The Scary Reality of Chocolate

I don’t normally blog about political issues as I have a strong dislike for the uninformed, misinformed or half-informed, holier-than-thou, preachy types, and never want to be one myself.

And while I know I risk becoming one of these people by writing this blog post, I think it’s worth the risk.  I learned something last night that I found so absolutely abhorrent I couldn’t get it out of my head.  It rattled me and I felt the need to share it with others.

Last night, my girlfriendBrittany and I went to a talk about food justice by Raj Patel, author of the book Stuffed and Starved, The Hidden Battle for the World Food System.  He spoke for over an hour on various subjects like food deserts, climate change, and locally sourced foods, but what struck me the most was something he said in passing about fair trade coffee.   Although he didn’t go into any detail about the labor practices of  the coffee  industry, he referred to non-fair trade coffee as ‘blood beans’.  It seemed a bit hyperbolic to me but the phrase stuck in my head.

In an odd coincidence, yesterday I also happened to buy Brittany her favorite treat – dark chocolate. She has a big presenation at work today and I figured she could use a stress relief in the form of delicious chocolatey goodness.  Now mind you, Brittany is the ultimate dogooder and doesn’t eat chocolate unless it is clearly labeled FAIR TRADE.  I had never really dug into why she does this and I didn’t really care.  To each their own, I thought.

When we got home from the talk, I gave her the bar, but unfortunately it was not labeled FAIR TRADE so she politely declined the gift.  It kind of bothered me.  I thought she was being stubborn.  But having just heard the term ‘blood beans’ a half hour earlier I decided to at least find out what FAIR TRADE actually meant.  So I googled Lindt (the brand of chocolate bar) + FAIR TRADE to see if perhaps the bar was actually FAIR TRADE chocolate, so she could nibble on a bite or two.

What I discovered was frightening.  I learned the actual meaning of FAIR TRADE chocolate.

FAIR TRADE chocolate means the cocoa beans were not picked using child slaves.

What the FUCK?!?! Child Slaves?????????????!!!!!!!!!

The truth is that 40% of the world’s cocoa, including nearly 100% of the cocoa that goes into Nestle, Mars, and Hershey products comes from the Ivory Coast where they literally enslave stolen children from other countries (Mali and Burkina Faso) and force them to pick cocoa beans for little or no wage in dangerous and unhealthy, pesticide laden conditions. The US government estimates that there are up to 100,000 children in the Ivory Coast forced to work under these conditions.

“Holy Shit!!,” I yelled out.  “Non-FAIR TRADE chocolate is grown by slaves??”

“Yeah, of course.  What’d you think it meant?” she responded.

“I don’t know.  I thought it meant, you know, like that shade grown, organic coffee stuff.”

“Nope, it means it’s not grown using child slaves.”

“Uggghhhhh.”  I winced

Now, here’s what really blew my mind.   I had NO IDEA that slavery still existed in 2012 and that huge companies like Nestle and Hershey were complicit in this horrendous practice. Had it not been for a weird coincidence of seeing that talk yesterday and then accidentally purchasing the wrong type of dark chocolate for my girlfriend, I would have continued eating mass produced chocolate in ignorant bliss.  But now that I know the facts, it’s going to be impossible for me to ever eat another candy bar or other mass-produced chocolate product in good conscience.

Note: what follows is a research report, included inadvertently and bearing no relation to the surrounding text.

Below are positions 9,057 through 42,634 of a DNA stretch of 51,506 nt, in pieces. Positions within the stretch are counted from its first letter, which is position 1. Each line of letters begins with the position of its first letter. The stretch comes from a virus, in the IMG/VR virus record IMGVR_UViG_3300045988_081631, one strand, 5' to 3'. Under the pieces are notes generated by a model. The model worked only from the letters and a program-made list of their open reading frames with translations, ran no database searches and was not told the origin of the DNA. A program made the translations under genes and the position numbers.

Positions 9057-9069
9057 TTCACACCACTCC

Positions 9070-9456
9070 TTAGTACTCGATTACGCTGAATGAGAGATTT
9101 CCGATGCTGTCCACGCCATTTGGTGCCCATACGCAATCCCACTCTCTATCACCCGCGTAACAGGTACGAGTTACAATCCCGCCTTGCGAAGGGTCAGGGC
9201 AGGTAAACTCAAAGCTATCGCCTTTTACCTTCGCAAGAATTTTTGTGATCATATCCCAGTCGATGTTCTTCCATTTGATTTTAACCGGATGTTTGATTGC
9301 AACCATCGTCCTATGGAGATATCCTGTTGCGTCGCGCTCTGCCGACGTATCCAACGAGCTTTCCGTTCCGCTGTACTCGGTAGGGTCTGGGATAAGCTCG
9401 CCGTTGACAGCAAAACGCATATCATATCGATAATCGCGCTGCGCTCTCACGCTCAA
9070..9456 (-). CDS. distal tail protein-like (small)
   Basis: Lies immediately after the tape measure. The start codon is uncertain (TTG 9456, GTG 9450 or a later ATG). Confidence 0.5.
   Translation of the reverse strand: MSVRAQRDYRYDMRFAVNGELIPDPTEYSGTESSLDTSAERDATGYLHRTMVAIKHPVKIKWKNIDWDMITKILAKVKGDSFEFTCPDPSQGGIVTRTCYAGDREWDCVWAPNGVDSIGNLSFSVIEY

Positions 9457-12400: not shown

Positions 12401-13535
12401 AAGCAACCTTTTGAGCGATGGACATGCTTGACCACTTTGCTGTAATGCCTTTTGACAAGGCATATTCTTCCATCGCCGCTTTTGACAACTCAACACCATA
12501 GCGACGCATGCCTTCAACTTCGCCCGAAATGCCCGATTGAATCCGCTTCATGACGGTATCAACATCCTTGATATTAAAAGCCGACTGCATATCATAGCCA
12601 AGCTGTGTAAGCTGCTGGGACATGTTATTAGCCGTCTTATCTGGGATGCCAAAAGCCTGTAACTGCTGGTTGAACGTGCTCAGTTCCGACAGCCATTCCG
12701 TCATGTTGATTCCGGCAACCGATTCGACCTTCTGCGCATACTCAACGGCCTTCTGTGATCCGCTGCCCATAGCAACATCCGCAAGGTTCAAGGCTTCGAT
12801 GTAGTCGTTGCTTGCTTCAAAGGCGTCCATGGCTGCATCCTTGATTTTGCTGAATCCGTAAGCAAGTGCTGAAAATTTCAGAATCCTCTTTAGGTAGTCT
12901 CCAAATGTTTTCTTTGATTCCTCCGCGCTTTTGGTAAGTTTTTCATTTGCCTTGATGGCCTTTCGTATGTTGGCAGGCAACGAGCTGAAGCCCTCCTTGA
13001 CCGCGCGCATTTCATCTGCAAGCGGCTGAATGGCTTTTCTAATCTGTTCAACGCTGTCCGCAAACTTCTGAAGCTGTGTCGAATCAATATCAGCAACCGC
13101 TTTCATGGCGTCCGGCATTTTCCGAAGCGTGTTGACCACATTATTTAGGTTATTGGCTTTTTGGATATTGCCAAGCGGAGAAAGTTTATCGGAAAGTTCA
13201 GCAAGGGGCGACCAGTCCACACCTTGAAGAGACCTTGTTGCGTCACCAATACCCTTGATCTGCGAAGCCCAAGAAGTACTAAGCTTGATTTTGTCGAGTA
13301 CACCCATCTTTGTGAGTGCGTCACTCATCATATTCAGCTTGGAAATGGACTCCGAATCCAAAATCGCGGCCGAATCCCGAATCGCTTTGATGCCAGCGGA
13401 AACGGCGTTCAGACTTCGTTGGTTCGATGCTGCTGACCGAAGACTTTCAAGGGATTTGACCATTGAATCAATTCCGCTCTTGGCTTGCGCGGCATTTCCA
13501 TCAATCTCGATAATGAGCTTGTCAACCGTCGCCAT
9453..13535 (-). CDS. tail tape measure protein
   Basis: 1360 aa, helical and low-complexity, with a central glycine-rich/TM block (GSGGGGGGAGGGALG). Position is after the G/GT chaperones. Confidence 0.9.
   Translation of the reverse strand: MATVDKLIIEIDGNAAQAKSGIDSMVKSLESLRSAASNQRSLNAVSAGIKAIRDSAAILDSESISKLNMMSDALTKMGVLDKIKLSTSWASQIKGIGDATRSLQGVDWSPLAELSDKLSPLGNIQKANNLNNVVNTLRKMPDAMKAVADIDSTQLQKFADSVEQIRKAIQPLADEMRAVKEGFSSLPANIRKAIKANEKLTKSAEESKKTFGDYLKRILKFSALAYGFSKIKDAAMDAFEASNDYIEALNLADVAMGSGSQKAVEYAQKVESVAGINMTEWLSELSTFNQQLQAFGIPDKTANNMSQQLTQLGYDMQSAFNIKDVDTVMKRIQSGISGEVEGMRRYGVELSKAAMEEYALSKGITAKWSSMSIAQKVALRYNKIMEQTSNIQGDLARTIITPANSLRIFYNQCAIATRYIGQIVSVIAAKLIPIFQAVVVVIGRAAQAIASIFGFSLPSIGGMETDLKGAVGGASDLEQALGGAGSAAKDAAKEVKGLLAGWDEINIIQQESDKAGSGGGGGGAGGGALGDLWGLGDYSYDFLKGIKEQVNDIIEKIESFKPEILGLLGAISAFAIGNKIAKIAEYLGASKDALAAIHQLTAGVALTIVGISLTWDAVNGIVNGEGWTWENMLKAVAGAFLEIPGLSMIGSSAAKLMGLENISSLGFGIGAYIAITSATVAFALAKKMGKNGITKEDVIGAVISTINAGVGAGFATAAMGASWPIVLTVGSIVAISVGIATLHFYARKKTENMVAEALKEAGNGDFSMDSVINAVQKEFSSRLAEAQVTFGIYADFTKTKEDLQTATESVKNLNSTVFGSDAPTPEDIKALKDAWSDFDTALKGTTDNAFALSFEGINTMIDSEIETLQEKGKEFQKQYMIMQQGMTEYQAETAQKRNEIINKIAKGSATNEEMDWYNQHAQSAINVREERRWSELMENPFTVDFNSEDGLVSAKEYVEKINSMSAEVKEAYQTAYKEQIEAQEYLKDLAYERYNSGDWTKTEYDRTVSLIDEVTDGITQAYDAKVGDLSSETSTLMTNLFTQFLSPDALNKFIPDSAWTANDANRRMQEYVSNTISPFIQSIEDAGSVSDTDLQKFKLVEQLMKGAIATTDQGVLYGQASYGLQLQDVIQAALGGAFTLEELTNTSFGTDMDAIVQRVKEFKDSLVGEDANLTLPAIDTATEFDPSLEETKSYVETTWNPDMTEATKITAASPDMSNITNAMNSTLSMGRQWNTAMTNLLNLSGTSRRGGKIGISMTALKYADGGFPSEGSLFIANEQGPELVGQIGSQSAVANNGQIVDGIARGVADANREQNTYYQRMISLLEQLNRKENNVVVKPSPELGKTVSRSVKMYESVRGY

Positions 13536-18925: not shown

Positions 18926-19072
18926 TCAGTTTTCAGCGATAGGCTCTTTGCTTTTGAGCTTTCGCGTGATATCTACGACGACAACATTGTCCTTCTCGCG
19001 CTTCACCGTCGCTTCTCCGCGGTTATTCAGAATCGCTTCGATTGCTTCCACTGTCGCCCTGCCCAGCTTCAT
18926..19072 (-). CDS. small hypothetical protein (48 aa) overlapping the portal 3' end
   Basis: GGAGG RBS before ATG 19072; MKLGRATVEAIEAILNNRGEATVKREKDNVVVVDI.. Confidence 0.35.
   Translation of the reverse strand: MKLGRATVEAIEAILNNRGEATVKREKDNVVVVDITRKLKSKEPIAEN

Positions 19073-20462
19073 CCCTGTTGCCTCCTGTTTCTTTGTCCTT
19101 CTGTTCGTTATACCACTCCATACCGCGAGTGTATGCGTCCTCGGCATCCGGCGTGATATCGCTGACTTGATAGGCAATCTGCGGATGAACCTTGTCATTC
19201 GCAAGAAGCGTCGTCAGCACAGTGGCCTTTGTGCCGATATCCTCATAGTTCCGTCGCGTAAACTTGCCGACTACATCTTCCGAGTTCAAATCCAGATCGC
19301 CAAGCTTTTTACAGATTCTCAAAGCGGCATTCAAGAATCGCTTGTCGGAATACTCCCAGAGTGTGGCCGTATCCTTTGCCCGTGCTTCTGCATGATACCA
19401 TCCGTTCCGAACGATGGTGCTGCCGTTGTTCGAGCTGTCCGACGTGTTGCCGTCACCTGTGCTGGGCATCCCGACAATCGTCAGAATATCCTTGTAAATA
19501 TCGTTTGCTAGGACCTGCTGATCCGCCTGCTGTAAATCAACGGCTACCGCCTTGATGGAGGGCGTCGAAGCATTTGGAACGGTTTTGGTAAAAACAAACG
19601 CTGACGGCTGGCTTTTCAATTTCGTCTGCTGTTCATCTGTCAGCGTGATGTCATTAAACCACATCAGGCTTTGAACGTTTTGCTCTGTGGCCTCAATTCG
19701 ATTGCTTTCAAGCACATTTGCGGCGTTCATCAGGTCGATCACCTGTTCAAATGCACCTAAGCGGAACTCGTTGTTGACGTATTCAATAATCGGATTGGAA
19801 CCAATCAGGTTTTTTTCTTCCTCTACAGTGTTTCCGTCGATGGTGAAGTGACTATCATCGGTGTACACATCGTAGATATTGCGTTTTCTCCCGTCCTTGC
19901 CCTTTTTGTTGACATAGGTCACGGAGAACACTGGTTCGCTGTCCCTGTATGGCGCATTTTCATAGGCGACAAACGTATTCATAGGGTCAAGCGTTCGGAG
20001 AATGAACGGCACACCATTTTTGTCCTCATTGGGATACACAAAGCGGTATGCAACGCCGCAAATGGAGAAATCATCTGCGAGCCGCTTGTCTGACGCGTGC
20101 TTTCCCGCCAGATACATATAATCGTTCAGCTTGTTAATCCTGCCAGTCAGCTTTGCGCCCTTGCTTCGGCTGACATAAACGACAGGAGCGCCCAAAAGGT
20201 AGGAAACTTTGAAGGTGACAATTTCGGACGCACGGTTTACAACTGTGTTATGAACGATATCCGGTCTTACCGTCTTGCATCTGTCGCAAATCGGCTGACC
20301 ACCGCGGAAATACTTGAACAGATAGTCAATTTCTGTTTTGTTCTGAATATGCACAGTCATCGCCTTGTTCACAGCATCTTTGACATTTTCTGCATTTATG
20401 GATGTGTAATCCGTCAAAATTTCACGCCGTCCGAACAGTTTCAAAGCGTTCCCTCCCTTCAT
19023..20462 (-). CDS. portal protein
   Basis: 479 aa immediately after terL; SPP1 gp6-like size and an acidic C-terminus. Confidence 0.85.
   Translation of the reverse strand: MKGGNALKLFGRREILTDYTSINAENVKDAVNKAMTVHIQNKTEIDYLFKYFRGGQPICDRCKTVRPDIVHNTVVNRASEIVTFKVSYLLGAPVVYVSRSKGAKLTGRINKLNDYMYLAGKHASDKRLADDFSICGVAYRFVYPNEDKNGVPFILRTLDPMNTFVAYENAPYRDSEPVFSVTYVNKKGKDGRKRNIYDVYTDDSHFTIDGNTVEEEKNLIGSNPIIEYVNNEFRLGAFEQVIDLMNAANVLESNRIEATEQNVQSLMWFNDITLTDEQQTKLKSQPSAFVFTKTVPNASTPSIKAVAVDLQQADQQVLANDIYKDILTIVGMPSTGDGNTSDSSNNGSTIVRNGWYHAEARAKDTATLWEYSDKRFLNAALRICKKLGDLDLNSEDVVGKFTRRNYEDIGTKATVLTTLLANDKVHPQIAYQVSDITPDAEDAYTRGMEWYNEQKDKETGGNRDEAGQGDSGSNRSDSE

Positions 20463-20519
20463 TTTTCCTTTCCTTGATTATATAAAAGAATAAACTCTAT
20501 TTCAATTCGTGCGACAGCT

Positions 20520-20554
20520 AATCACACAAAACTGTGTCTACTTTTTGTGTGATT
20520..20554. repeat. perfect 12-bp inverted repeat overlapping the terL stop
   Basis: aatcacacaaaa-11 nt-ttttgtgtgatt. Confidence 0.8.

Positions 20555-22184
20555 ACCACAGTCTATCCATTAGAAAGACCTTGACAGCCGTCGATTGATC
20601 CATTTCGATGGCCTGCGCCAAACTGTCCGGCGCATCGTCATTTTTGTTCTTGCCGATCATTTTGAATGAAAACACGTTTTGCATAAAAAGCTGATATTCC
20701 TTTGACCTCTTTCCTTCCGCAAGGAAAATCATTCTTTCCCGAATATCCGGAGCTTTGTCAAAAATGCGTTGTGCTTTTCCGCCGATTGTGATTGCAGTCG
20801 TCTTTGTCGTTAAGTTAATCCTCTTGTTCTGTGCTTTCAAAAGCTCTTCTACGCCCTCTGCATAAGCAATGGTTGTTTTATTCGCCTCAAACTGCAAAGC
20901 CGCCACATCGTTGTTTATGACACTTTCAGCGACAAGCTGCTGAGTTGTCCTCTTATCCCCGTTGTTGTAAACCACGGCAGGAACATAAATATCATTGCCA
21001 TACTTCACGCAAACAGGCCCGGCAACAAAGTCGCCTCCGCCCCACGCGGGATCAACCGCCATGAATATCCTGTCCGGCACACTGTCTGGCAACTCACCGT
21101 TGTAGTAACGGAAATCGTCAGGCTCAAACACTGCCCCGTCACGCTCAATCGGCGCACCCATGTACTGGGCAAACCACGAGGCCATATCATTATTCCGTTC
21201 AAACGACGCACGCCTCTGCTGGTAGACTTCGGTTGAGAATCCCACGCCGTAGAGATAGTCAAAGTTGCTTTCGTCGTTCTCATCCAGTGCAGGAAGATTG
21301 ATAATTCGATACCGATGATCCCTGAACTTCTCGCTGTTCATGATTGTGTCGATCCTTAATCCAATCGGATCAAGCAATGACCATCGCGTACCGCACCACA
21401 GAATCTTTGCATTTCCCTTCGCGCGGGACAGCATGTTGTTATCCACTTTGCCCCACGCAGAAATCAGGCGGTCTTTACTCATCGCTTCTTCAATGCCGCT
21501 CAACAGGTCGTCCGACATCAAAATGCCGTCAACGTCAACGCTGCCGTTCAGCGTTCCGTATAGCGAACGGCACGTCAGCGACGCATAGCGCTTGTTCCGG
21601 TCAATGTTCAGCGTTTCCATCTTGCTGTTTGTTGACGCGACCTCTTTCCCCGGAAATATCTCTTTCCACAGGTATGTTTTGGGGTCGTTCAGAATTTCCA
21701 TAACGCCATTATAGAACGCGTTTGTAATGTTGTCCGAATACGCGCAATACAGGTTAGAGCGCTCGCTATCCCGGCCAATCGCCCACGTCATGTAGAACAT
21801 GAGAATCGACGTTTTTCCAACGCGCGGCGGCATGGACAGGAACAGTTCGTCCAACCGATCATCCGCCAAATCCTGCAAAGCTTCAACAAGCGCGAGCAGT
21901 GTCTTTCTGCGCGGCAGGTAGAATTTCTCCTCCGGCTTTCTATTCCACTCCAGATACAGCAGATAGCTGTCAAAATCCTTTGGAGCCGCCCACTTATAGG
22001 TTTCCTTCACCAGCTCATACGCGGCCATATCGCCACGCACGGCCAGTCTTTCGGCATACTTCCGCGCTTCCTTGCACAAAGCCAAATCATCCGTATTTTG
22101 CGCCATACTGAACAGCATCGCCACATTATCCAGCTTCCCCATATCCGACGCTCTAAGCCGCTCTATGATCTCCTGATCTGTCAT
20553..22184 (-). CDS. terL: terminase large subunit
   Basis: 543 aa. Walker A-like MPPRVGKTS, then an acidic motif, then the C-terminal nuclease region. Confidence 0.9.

It got me thinking…I consider myself a relatively intelligent and informed human being, but still had NO IDEA that this was going on.  I wonder how many other people have no idea that this is going on?  My guess is that it’s a lot, and that’s what compelled me to write this blog post.
With our busy lives and The Facebooks and the Twitters and all that jazz that comes out of the pipes and tubes of the Interwebz, we’re constantly on the go, moving from one thing to the next, bumping into people and other inanimate objects on the street as we type out one last email on our smart phones before we head into the next meeting.  We grab ‘get me through the day foods’ like candy bars, fast food, and Red Bull on the go without so much as thinking twice about how that food was made or where it came from.  In short, we live in a state of blissful ignorance, completely divorced from the not-so-pleasant realities about the world around us.

This whole experience has served as a bit of wake up call for me. From here on out, no more chocolate, and I am at least  going to make a effort to better understand where my food comes from.  It’s just a tiny step but I think this change is necessary.  I know I’m never going to be perfect, but I can at least ask questions and become more inquisitive about the world around me.

I’m not going to ask everyone to stop eating chocolate.  That’s a personal choice.  But I will encourage others to start thinking a little bit more about where their food actually comes from.  Ask questions. Learn facts. Start make food decisions based on knowledge and not just what advertisers tell us. And if you think this is important, share it with someone else who probably has no idea that slavery still exists in 2012.

*Stepping off my soapbox now*

For some further info on the cocoa trade, here’s a short film from CNN called the Human Cost of Chocolate.